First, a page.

Publisher: Little, Brown, and Company
Author: Madeline Miller
Released: April 10th 2018
Received: Own (BOTM)
Warnings: Sexual assault
Circe is Madelien Miller’s third novel about Greek mythology, and for the sake of honesty I should tell you that I haven’t read her other two works (but I have heard people gushing about The Song of Achilles so maybe I’ll try that next). As the title indicates, this whole novel is focused on the goddess Circe. Unlike many of the classic Greek stories, we actually get to focus on Circe’s life and tale here, instead of having her frequently be adjacent to all of the action.
If you’re anything like me then you’ll feel my pain here; I love Greek mythology, but I am absolutely horrid at remembering names. Therefore if they’re not a commonly mentioned god or goddess I don’t always remember their details or story. I looked Circe up before I started reading this, and I’m glad I did.
Circe is the goddess of magic. She’s been called a nymph (because of her lineage), a witch (for obvious reasons), enchantress (again, kind of obvious), and sorceress (again). Her mother was Perse (hence the whole nymph thing) and her father Helios (sun god). Her siblings all appear in Greek mythology as well and I recognized them to varying degrees (Aeetes, Perses, and Pasiphae).
The other thing I learned that was of note about Circe (and this one I looked up after reading the novel and finding myself confused); Circe is frequently confused with Calypso. They have similar (ish) temperaments, abilities, and some of their…altercations are similar. This will make more sense when you read (unless you’re better at Greek mythology than I am, and already know what I’m referring to).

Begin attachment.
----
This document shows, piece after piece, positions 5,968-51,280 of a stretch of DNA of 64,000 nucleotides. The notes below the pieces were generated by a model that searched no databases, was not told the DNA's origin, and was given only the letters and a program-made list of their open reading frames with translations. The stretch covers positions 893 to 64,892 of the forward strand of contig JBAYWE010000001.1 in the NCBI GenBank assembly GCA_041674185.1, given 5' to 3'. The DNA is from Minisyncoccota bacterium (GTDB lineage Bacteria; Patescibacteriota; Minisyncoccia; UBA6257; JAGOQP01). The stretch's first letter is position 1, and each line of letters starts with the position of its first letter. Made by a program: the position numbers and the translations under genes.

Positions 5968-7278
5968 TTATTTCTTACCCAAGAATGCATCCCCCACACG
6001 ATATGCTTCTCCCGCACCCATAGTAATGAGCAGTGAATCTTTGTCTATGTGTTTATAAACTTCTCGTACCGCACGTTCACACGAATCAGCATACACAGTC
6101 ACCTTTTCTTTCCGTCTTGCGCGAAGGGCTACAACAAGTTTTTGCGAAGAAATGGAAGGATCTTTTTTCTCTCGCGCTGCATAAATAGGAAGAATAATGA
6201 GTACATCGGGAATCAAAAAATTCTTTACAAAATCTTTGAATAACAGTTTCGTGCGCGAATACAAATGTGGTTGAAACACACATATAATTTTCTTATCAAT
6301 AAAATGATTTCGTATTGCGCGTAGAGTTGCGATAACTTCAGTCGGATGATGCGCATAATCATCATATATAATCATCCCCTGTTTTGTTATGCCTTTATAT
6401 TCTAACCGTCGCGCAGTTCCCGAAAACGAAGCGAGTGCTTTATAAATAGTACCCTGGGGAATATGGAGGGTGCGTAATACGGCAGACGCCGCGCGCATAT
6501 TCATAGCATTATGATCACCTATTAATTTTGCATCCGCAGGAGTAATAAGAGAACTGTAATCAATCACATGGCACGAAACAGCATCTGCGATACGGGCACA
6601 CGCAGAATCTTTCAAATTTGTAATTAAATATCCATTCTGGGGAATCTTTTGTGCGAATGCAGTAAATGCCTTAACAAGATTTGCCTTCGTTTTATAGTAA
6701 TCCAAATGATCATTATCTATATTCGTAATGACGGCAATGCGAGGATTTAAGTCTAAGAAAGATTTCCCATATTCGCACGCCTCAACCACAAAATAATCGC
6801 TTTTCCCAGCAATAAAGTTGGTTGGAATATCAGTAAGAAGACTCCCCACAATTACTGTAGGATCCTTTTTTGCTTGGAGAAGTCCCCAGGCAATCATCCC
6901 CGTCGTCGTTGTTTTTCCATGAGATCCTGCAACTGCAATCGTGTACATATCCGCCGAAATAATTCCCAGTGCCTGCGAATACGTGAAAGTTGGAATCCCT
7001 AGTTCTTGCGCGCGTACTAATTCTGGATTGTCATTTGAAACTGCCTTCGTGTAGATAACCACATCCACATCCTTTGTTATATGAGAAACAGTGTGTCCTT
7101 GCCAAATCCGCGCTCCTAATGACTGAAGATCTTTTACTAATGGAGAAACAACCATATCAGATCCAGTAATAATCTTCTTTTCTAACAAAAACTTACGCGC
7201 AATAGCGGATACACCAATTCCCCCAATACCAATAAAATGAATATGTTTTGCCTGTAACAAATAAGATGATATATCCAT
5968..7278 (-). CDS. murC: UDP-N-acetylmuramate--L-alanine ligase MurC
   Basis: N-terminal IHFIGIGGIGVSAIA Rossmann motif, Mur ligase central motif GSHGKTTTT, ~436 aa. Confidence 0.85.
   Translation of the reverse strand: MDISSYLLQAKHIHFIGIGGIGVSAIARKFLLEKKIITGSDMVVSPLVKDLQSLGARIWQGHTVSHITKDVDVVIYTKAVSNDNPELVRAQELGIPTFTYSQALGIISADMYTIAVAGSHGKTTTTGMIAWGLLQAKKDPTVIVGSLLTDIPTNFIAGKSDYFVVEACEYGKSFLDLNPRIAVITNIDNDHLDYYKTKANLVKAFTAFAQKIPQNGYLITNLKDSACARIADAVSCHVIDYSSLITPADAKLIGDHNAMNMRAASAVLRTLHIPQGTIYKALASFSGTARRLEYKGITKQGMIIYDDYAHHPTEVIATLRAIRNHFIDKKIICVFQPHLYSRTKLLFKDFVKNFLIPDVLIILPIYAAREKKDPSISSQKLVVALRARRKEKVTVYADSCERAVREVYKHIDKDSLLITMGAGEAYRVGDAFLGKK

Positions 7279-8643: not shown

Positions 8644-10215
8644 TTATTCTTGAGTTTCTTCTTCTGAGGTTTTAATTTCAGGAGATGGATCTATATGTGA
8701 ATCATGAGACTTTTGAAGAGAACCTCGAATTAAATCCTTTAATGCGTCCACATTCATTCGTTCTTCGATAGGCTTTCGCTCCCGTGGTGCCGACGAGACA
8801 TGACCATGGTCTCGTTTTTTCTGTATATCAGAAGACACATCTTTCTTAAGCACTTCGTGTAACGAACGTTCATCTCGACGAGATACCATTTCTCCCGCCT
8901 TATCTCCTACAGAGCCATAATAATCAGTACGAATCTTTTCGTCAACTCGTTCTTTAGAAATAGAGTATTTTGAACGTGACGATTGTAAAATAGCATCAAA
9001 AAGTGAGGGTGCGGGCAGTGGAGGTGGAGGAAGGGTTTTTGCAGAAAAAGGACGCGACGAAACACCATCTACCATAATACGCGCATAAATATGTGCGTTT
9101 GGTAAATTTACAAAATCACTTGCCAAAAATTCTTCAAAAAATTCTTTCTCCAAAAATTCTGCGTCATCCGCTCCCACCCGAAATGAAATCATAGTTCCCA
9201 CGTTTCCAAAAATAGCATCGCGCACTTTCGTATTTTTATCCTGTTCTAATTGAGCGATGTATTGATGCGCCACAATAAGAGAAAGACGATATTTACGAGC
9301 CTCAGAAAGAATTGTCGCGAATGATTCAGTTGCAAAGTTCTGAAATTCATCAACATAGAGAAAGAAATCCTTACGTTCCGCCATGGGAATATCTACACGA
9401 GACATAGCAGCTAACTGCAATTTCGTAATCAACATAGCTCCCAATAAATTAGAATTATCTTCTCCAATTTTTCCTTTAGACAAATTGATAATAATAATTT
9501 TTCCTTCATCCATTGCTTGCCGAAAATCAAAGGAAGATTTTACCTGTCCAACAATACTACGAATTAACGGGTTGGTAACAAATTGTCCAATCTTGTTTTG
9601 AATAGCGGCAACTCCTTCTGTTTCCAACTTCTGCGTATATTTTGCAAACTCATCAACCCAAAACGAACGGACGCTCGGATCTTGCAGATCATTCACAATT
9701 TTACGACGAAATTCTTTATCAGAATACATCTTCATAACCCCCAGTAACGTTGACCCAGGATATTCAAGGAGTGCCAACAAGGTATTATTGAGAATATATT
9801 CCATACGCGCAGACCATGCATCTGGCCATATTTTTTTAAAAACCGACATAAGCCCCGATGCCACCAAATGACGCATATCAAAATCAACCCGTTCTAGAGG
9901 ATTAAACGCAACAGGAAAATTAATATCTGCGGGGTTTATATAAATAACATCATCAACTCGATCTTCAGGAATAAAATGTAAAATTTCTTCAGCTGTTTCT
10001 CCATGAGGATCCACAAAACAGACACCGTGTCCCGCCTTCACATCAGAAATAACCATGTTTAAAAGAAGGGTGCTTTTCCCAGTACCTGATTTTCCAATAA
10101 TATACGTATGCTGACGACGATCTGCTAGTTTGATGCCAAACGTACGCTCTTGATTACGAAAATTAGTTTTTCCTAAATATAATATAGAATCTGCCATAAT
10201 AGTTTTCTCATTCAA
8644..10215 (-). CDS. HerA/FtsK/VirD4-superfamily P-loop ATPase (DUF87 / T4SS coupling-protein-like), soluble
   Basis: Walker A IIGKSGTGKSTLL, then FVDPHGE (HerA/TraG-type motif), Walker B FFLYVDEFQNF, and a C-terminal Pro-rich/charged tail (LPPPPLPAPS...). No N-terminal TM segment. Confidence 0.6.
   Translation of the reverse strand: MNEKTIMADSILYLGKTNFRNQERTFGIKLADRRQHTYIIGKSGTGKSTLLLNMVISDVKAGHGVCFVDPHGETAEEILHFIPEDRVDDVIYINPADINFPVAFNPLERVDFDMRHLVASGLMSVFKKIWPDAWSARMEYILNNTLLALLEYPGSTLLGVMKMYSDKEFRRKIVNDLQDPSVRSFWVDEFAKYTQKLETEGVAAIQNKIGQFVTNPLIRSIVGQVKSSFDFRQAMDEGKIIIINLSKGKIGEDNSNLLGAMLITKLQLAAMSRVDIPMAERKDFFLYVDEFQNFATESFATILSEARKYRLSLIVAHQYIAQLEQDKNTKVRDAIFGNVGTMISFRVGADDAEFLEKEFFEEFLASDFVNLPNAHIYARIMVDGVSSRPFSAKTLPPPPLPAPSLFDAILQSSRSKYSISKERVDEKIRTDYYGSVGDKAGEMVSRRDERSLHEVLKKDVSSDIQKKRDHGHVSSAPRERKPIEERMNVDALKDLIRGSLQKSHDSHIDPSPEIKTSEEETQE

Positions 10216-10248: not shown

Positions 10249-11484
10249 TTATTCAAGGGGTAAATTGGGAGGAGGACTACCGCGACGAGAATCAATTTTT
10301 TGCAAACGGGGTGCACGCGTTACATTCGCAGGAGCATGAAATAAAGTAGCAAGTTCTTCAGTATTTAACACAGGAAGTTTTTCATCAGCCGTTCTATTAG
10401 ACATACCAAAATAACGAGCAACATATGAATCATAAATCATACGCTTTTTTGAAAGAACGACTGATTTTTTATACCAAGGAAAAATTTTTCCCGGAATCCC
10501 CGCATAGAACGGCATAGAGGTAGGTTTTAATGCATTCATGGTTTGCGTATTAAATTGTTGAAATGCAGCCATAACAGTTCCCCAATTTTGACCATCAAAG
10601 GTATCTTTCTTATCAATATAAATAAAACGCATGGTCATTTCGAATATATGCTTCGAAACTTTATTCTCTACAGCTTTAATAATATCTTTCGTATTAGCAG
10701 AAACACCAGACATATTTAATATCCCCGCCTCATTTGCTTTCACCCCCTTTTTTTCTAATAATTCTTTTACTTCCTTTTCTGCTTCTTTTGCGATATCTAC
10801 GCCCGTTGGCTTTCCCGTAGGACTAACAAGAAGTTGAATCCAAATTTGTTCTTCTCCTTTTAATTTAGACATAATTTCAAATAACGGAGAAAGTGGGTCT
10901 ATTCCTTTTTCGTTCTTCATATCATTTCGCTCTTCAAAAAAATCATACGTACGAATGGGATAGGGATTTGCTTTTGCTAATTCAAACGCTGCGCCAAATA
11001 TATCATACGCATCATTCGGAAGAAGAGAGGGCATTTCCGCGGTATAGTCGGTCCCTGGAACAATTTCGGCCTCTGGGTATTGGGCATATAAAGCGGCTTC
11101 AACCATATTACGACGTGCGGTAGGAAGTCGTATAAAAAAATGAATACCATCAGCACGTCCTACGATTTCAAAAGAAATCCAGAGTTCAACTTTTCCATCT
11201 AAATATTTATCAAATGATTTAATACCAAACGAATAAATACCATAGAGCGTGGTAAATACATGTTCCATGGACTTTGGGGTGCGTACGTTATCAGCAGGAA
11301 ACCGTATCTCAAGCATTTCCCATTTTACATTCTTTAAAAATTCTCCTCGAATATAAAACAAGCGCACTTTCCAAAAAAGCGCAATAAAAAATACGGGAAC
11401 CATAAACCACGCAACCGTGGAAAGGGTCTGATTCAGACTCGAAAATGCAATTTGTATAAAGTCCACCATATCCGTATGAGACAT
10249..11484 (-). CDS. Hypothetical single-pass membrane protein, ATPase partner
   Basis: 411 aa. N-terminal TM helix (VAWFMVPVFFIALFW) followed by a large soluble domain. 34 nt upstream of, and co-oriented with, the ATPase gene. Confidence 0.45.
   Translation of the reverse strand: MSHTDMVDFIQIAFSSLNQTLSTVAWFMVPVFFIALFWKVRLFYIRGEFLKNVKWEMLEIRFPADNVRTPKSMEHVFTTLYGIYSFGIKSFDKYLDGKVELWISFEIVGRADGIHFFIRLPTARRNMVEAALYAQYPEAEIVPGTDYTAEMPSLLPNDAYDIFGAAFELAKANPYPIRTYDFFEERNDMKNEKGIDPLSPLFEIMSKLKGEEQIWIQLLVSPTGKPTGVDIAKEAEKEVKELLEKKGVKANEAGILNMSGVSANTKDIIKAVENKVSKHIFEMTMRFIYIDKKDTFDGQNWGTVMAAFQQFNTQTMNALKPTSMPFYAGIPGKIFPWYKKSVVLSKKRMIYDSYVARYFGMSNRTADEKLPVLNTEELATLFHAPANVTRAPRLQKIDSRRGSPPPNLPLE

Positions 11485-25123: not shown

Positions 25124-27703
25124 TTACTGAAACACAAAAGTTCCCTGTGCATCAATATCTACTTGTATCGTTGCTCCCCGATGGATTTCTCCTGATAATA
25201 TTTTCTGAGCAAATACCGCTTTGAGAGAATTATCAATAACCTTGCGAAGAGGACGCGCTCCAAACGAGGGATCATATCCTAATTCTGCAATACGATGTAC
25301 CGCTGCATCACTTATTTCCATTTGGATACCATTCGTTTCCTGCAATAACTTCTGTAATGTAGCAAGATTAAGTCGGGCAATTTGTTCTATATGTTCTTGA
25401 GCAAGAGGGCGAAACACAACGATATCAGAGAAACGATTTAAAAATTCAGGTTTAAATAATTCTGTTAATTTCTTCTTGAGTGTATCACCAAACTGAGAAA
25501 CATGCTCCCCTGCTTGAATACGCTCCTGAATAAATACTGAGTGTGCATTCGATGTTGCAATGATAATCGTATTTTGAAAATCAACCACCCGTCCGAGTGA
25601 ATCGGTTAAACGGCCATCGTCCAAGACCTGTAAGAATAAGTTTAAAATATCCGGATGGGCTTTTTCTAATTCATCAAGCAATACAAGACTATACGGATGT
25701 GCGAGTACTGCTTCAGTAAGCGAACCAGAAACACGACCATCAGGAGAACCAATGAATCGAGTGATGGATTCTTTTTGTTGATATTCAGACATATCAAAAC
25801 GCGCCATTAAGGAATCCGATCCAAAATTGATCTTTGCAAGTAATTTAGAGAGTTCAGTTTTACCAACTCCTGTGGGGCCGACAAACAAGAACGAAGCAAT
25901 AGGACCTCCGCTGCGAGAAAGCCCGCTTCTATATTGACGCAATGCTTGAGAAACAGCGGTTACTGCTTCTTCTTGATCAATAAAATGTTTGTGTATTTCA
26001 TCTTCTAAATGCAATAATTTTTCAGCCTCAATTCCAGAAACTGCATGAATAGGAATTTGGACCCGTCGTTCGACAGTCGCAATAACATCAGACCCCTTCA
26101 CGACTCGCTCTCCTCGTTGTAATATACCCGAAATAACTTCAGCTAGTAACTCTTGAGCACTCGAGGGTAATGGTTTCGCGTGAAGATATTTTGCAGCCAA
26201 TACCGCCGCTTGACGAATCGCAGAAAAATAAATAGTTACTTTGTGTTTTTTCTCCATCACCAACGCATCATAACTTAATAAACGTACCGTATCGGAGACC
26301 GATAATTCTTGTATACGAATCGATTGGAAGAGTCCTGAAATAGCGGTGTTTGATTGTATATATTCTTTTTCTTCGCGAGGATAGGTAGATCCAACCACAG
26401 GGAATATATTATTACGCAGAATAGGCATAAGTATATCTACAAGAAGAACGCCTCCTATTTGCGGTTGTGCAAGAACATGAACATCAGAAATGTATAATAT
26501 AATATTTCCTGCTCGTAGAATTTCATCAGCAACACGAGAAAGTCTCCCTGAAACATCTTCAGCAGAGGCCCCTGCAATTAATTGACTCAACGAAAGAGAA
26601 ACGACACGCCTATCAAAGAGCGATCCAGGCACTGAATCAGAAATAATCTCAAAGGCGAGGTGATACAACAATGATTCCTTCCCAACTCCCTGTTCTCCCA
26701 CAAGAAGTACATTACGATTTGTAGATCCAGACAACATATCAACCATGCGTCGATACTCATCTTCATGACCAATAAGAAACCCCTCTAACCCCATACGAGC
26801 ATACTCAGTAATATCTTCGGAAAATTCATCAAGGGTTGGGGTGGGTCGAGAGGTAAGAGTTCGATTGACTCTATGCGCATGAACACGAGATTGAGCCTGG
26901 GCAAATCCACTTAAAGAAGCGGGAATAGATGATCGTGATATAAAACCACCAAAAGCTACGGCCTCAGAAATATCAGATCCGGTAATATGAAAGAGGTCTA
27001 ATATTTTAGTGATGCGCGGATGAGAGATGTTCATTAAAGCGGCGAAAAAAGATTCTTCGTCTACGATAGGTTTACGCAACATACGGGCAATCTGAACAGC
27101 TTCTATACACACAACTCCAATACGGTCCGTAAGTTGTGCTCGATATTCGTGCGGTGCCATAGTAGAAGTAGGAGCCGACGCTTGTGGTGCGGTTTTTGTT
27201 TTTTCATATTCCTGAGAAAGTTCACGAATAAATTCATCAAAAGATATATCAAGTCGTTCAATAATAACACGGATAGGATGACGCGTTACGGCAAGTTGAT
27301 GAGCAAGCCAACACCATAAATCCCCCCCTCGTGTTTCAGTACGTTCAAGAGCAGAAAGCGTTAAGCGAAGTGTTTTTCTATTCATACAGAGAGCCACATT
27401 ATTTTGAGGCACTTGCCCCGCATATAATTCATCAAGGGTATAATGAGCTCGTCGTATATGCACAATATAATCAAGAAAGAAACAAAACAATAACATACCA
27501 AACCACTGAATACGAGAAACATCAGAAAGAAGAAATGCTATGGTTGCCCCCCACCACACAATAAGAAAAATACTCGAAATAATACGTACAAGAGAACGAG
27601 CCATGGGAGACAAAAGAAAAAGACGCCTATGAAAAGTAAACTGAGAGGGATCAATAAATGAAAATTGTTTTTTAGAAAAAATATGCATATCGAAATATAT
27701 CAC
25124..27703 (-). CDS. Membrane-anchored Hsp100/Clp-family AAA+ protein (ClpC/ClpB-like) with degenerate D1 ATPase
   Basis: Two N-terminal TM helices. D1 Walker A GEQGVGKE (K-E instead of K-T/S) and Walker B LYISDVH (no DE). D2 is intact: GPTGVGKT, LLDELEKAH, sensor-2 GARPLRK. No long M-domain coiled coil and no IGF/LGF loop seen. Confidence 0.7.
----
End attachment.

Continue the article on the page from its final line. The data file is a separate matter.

Warnings first: A helpful and friendly reminder here; Greek mythology is not known for being kind to people, including women (both humans and goddesses). This comes up several times, with one more graphic scene a good chunk of the way through the novel (I don’t remember the exact location – but you’ll see the scene coming, promise). Considering the time, basis of mythology, and the characters being talked about, this does fit with the story being told; still I thought it’d be nice to warn people about.
Before looking up Circe in preparation for her novel, I didn’t remember much about her. Despite that I was really excited to get to sink my teeth into some Greek mythology (it’s been far too long), and I like the idea of focusing on a more minor character (relatively speaking). Seeing the same stories from their eyes provides such a unique and interesting perspective; even anticipating that this would be the case I still found myself surprised by the depth of it.
Madeline Miller clearly did her research here; the world that Circe lived in is so heavily based in mythos that would be easily compared again, so there wasn’t much room for error on her part. But she still did is flawlessly. At the same time, she had a lot of information and work to full from, and yet I never felt like she was heaping information on me (you know what I mean; when an author spends so much time researching a subject that they feel compelled to prove it by info dumping into the novel).
What I loved the most about Circe is just how human Miller made her. Obviously humans can act godlike, and vice versa, but it’s so rarely seen in storytelling. This was wonderfully refreshing. We were given a glimpse into Circe’s past, her motivations, her hopes and dreams, everything that made her the goddess and witch we all know. Her actions and reasoning were suddenly clearer to me than ever before, and I can safely say that I will no longer be confusing her with Calypso.
I’m impressed by Miller’s storytelling style and level of effort she put into this novel. Everything felt effortless but at the same time flowed so beautifully. Almost like the prose it is birthed from. I’ve heard a bit about her other novels, but the chatter for Circe easily overwhelms anything else I’ve heard, and I have to say, it’s earned the praise. I’m looking forward to what Miller comes out with next; I have no doubt she’ll stick with Greek mythology, but I know which god (or goddess) she’ll pick next. I could start digging online for clues for the next novel, but I think I’ll wait and be surprised.